Uganda's Police Force has confirmed that it is working with China's Huawei Technologies to install CCTV cameras equipped with facial recognition capabilities in some of the country's cities. The police have stated that the Artificial Intelligence powered CCTV cameras will help curb violent crime.

However, many people in Uganda and opposition political parties have raised their concerns given that the facial recognition surveillance system is able to identify and log the identities of anyone in a public space and could possibly be used to identify protesters.

β€œThe CCTV project is just a tool to track us, hunt us and persecute us,” said Ingrid Turinawe, Leader in Uganda's Forum for Democratic Change.

A surveillance camera in Kampala. Source: Irish Times/Sally Hayden

Spying on opposition political parties

The claims that Uganda's current government and authorities are spying on opposition political parties, especially with the assistance of Huawei, are not new. On 15 August 2019 The Wall Street Journal (WSJ) published a story stating that Huawei staff had been assisting governments in Uganda and Zambia to spy on opposition political parties and their key members.

Specifically, in Uganda, the WSJ alleges that Huawei technical staff helped intelligence officers in Uganda crack the encrypted communications of popular musician, and opposition party leader, Bobi Wine. As possible evidence it mentioned that Uganda's police surprisingly arrived at one of Wine's concerts where surprise opposition speakers were scheduled to give speeches. They then arrested Wine and some of his supporters.

Subsequently, Uganda's Police Force issued a statement denying the report.

Upcoming elections in Uganda

Despite the denial by Uganda's police, opposition political parties in Uganda are adamant that the facial recognition cameras are part of a plot to supress their followers leading up to elections in Uganda in 2021.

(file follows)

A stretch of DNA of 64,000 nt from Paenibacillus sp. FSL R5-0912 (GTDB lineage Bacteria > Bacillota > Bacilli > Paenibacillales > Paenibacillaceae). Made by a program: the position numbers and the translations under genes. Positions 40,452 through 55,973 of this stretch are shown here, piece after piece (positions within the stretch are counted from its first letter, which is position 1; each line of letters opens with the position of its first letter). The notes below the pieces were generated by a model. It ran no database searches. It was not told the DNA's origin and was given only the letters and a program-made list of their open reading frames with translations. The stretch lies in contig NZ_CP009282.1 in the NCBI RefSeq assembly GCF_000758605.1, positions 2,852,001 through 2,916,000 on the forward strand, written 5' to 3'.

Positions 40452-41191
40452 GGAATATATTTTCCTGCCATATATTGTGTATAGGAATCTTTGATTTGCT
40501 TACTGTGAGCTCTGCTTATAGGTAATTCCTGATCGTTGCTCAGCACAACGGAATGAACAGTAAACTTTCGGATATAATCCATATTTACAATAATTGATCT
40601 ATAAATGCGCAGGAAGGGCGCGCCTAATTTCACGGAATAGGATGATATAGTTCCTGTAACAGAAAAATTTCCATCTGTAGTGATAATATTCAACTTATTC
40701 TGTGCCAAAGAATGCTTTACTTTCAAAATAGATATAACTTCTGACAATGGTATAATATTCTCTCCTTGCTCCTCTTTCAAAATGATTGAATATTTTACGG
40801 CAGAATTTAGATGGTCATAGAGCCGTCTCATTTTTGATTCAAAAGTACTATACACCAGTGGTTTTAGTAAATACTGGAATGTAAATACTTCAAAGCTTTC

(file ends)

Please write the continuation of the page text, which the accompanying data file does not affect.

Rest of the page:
One of the reasons given is that Uganda's Police Force is under-funded, corrupt and under-resourced to be able to keep up with identifying and following up with criminals identified by Huawei's CCTV system. As such, some opposition party leaders in Uganda believe that the facial recognition surveillance system will be used for political reasons in identifying protestors.

"We would like the public to know that the [Ugandan Police Force] has an existing contract with Huawei to install CCTV cameras country wide as a measure to strengthen law and order,” said Fred Enanga of the Ugandan Police Force in a statement on Tuesday. The cameras are already transforming modern day policing in Uganda, with facial recognition and artificial intelligence as part of policing and security.”

Another issue not addressed by Uganda's police and Huawei is that of privacy. Given that the cameras will operate in public spaces it is not clear how such data will be stored and processed, whether such data will only be the sole property of Uganda's government or whether Huawei, a private Chinese company, will also have access to the data and what it will be used for going forward.

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